Rev. Hlib Lonchyna, another Studite monk, joined Rev. Rafael as assistant pastor in 1983.
Working together, the two priests brought about significant changes to the life of the parish. The Senior Club, the Young Adult Club, and the Sunday Catechetical Group were some of the new organizations formed to address the social and spiritual needs of the parish community. In the ensuing years there existed a unity in parish life the likes of which had not been previously known. Harmony among the generations superseded all, and all were bound by a common desire to see growth and prosperity in the parish community.

In 1985 St. Nicholas parish marked its 75th Jubilee year with a Pontifical Divine Liturgy celebrated by clergy and religious hierarchy, and at a gala banquet at the Westmount Country Club in Woodland Park (West Paterson). The parish was graced by Patriarch Josyf, Archimadrite Lubomyr Husar, Studite, Bishop Rodiemer of the Roman Catholic Dioceses of Paterson as well as civil dignitaries from Clifton, Passaic, and the surrounding areas.

Rev. Rafael completed his assignment at the parish in October 1990. The Studite monastery relocated from Passaic to Lviv, Ukraine soon after independence was declared in January of 1991. Rev. Hlib continued at the parish until his reassignment in August 1992. Monsignor Martin Canavan took over the pastoral duties in September 1992. A few months later, after a 25- year absence, Rev. Uriy Markewych returned to St. Nicholas parish. Rev. Uriy’s tenure concluded 1993, when a young priest named Rev. Joseph Szupa assumed the duties of the parish very soon after his ordination. Rev. Joe brought an innocent spirit back to the parish family. For the next eight years, he focused on the spiritual needs of the parishioners, both existing ones and the ‘newly arrived’ wave of immigrants from the now-independent Ukraine. Beginning in 2001, the parish has been blessed with priests from the native homeland. Rev. Paul Vasyl Repela served from 2001 to 2003, at which time Rev. Ihor Royik arrived from Ukraine via Canada to serve our community. Rev. Ihor, a married clergyman with children, brought warmth and a sense of Ukraine with him. (Married priests were the norm in Ukraine, unlike the celibate single priests who serve the Roman Rite Catholic communities.) The Royik children were in enrolled in the parish school and Pani Olenka, his wife, taught at the school. Rev. Ihor, well schooled in the English language, encouraged participation in local government and was himself appointed chaplain for the Passaic County Sheriff’s Department. In August of 2007, Rev. Ihor and his family were transferred to Melrose Park, Pennsylvania (PA), and Rev. Andriy Dudkevych arrived with his family in September of that year, also from Ukraine via the Edwardsville, PA parish. Rev. Andriy assumed the pastoral and administrative duties of with a youthful joy and zeal. As parish administrator, he sought to encourage and sustain the growth of the parish, both spiritually and economically.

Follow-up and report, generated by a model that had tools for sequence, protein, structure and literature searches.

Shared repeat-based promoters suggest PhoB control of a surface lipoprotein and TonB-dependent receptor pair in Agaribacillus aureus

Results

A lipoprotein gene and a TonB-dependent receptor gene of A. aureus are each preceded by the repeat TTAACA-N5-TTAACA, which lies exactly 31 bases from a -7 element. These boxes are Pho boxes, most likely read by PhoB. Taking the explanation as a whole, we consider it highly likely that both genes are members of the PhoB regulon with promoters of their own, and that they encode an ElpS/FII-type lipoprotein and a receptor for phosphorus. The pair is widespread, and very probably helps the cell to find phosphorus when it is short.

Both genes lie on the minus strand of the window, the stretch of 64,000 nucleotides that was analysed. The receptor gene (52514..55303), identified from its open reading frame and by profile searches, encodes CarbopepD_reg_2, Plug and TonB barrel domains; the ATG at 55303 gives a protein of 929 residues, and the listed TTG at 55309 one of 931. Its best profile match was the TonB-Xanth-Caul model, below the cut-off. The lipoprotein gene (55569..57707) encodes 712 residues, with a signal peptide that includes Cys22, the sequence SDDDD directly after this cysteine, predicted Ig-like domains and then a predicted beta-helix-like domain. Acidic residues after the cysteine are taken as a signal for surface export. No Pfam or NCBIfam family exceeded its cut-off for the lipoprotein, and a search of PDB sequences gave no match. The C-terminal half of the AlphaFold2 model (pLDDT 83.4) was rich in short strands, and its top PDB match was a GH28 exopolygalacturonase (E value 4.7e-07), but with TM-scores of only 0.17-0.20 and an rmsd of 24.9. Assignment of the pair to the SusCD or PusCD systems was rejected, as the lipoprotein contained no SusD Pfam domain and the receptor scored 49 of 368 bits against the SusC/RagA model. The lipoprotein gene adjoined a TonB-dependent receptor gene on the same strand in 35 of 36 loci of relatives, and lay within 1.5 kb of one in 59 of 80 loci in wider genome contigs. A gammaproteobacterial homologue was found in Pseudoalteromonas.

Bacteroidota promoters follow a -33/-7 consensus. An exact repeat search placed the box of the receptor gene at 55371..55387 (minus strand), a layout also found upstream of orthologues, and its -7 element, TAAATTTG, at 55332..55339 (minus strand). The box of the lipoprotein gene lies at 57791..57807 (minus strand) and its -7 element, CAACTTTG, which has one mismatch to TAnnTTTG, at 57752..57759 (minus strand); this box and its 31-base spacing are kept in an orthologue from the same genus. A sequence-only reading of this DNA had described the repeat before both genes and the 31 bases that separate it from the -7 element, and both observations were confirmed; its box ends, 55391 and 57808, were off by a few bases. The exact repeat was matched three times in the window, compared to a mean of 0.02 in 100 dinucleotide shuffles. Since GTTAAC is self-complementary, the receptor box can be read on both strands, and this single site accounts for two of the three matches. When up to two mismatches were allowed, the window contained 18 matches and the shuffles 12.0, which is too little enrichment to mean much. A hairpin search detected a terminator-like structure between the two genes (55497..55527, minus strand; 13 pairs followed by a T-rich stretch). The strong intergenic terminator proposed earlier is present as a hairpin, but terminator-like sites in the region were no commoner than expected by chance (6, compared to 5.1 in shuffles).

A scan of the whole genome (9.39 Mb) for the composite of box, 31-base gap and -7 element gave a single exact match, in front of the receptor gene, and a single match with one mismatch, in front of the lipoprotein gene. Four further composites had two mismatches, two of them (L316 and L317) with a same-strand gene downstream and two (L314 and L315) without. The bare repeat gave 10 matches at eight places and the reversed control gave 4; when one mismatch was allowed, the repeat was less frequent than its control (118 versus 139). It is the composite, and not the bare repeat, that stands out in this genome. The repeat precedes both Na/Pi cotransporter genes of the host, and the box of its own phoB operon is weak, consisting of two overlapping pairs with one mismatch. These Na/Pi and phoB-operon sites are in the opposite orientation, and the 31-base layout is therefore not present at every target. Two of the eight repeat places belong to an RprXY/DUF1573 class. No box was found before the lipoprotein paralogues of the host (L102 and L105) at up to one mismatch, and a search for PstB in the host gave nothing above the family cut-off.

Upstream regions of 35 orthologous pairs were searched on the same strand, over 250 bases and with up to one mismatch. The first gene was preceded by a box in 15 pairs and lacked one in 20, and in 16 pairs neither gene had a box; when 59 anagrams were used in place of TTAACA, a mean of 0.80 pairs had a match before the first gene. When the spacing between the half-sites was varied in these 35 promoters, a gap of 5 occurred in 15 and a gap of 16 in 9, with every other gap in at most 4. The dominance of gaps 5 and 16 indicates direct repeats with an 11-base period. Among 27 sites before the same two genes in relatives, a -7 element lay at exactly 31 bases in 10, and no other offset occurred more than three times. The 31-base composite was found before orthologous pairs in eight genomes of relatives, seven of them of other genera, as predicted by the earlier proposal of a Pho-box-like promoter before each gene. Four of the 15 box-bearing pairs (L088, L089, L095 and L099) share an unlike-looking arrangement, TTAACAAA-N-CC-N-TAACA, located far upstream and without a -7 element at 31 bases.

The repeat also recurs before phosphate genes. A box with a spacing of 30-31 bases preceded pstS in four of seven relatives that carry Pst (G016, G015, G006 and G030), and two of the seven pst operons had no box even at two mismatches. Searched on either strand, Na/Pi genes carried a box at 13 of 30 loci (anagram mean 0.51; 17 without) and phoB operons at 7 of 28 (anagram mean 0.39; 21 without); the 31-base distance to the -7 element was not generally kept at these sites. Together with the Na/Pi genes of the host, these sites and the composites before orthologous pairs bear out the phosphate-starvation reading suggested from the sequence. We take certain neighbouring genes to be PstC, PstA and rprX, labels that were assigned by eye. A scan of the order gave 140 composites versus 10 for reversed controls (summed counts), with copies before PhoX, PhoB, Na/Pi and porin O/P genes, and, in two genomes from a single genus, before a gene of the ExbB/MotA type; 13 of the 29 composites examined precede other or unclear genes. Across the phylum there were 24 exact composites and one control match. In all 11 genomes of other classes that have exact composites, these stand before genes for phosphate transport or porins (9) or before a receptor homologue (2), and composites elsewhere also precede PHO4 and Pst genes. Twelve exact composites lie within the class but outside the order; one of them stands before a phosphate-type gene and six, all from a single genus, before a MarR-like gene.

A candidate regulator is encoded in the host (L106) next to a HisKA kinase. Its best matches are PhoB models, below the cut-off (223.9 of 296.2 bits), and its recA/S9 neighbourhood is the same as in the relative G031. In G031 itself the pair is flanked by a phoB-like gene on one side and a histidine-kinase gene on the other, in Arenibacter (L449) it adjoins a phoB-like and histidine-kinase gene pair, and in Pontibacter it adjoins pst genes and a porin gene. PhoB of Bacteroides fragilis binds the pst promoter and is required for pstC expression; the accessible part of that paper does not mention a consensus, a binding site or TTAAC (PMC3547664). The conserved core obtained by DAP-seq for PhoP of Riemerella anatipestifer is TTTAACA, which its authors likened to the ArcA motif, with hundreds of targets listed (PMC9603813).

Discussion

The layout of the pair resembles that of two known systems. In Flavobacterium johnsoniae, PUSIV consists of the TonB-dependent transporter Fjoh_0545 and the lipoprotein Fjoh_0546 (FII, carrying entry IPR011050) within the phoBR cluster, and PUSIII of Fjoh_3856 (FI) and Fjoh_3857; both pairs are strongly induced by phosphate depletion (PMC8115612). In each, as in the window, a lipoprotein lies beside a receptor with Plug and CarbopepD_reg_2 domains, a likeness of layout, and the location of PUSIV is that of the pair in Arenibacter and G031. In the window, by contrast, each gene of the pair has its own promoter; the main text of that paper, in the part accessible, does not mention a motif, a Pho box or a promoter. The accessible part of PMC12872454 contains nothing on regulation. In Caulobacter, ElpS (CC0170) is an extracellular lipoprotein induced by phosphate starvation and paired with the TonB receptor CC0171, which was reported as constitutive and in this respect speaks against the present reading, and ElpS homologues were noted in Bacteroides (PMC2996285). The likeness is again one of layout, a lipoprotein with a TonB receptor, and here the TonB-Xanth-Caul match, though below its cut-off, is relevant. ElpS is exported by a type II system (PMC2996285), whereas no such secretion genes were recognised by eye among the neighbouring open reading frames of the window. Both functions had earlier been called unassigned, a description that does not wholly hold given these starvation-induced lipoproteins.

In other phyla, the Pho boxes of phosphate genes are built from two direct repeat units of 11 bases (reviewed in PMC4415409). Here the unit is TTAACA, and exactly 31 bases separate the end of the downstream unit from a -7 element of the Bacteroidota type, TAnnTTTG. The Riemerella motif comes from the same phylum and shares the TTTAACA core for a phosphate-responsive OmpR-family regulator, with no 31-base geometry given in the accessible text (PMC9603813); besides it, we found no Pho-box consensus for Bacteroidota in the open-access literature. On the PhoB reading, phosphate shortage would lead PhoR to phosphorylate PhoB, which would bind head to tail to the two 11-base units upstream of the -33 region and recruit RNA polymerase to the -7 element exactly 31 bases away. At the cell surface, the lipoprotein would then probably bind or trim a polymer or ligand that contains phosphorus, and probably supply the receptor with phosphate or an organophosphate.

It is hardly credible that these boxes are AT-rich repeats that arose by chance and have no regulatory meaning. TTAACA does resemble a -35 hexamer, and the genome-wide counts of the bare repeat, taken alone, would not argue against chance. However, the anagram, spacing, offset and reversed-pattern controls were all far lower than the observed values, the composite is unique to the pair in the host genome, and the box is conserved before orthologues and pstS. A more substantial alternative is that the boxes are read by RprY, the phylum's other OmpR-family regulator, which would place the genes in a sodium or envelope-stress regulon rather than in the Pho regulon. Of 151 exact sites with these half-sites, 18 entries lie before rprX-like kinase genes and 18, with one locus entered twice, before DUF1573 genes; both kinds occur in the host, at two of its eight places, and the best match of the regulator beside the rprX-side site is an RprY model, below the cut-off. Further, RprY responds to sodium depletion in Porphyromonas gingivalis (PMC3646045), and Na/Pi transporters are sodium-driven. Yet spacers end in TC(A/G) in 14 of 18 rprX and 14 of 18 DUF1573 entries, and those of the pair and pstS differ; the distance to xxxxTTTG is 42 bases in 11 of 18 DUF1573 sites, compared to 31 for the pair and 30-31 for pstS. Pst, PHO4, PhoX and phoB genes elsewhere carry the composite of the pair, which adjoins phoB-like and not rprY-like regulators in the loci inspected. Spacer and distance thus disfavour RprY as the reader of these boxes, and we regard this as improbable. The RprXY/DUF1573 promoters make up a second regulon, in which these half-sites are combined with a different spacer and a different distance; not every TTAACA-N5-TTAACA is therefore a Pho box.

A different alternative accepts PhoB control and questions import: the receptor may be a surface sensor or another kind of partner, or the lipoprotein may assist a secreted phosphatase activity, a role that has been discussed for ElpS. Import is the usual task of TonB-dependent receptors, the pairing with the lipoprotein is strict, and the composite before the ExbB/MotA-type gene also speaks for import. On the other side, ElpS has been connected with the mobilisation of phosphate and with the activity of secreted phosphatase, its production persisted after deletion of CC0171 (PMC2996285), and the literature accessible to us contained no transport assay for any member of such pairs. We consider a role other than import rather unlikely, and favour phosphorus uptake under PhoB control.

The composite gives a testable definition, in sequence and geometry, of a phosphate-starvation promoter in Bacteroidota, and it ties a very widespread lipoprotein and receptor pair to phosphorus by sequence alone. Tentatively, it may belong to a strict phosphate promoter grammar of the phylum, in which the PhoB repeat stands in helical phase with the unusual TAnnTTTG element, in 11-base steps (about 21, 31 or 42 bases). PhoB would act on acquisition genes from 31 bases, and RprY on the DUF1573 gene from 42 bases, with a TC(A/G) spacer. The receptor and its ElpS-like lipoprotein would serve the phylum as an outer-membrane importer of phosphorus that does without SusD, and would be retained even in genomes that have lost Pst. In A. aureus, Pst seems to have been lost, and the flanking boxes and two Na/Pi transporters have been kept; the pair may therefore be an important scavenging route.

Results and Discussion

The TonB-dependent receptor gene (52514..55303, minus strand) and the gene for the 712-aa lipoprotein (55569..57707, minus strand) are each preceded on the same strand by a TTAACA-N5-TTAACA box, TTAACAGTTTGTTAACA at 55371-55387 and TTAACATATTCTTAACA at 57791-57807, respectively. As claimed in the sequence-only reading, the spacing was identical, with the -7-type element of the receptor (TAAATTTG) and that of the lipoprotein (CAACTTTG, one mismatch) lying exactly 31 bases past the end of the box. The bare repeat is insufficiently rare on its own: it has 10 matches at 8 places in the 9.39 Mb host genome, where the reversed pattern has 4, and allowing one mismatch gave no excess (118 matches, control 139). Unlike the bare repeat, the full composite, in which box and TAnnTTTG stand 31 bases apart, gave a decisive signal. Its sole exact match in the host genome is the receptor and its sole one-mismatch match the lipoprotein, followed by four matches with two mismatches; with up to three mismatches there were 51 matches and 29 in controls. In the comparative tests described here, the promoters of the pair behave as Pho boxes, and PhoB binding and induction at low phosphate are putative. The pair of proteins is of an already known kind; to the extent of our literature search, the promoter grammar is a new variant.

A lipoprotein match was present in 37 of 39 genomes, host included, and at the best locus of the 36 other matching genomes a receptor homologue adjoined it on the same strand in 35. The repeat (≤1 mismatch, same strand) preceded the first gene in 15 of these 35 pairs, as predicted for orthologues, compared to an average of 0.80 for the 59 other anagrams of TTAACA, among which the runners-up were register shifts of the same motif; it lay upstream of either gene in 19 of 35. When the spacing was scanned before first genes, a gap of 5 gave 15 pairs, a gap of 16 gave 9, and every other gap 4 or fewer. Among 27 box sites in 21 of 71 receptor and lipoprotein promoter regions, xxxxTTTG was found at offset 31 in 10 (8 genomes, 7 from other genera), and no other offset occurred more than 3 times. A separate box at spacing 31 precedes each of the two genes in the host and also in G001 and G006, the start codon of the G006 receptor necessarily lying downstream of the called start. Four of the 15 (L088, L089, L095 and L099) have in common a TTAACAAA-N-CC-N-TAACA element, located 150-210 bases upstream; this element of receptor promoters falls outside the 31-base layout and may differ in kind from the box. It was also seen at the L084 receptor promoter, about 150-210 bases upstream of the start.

As the Centennial Jubilee year approached, a committee was formed to organize the celebrations.
In advance of the Jubilee itself, a decision was made to finally decorate the church edifice in the manor that had originally been planned when the church was newly constructed. Iconographers were contacted, proposals were presented, and a selection was made. The overall costs seemed daunting, but eager volunteer organized a fundraising committee. Parishioners, friends, and supporters opened their hearts and their wallets with generous donations. The project was initiated in late 2008, and completion is anticipated prior to the October 24th gala celebration.

Since the parish’s humble beginnings, four waves of immigrants have been gently assimilated into American society here in Passaic. The first immigration of 1879–1914 was encouraged to come to these shores with the promise of a better life through hard work and honest living. These men and women helped build America by mining coal, farming the land, and working in the newly industrialized factories. The peoples of the second immigration of 1946–1952 were fortunate to escape a war-torn Europe and to come to the United States after World War II. Their homeland was closed to them and they had an intense desire to show the world that Ukraine was a separate culture unique onto itself and deserved its own, independent borders. The church was their haven and became the center of their community. It was with this wave of immigrants that many civic organizations were established to reinforce love and respect for a Ukrainian nation. The third wave of immigrants, who arrived in the 1960s, brought a new dimension to the need for worship and national pride. These men and women had not only lost their homeland, but were also being fiercely assimilated into the Polish nation. They brought with them a complimentary blend of humility and confidence to carry on the tradition of love of God and country through hard work and thankful prayer. The fourth wave of immigrants, which began in 1991, brings beauty and innocence to our shores. The people who belong to this group have been excluded and secluded from global affairs and global changes since the demise of the Czarist regime and the onset of communism at the turn of the twentieth century. This, newest immigration is catching up quickly to the fast-paced society that makes America thrive and prosper.

In preparation to celebrate the Centennial, we pause to reflect on the hundreds of selfless, industrious, and talented individuals who have been a part of its history—a history that began with its founders, was strengthened over the decades by their successors, and continues today with a new generation of creative and innovative members.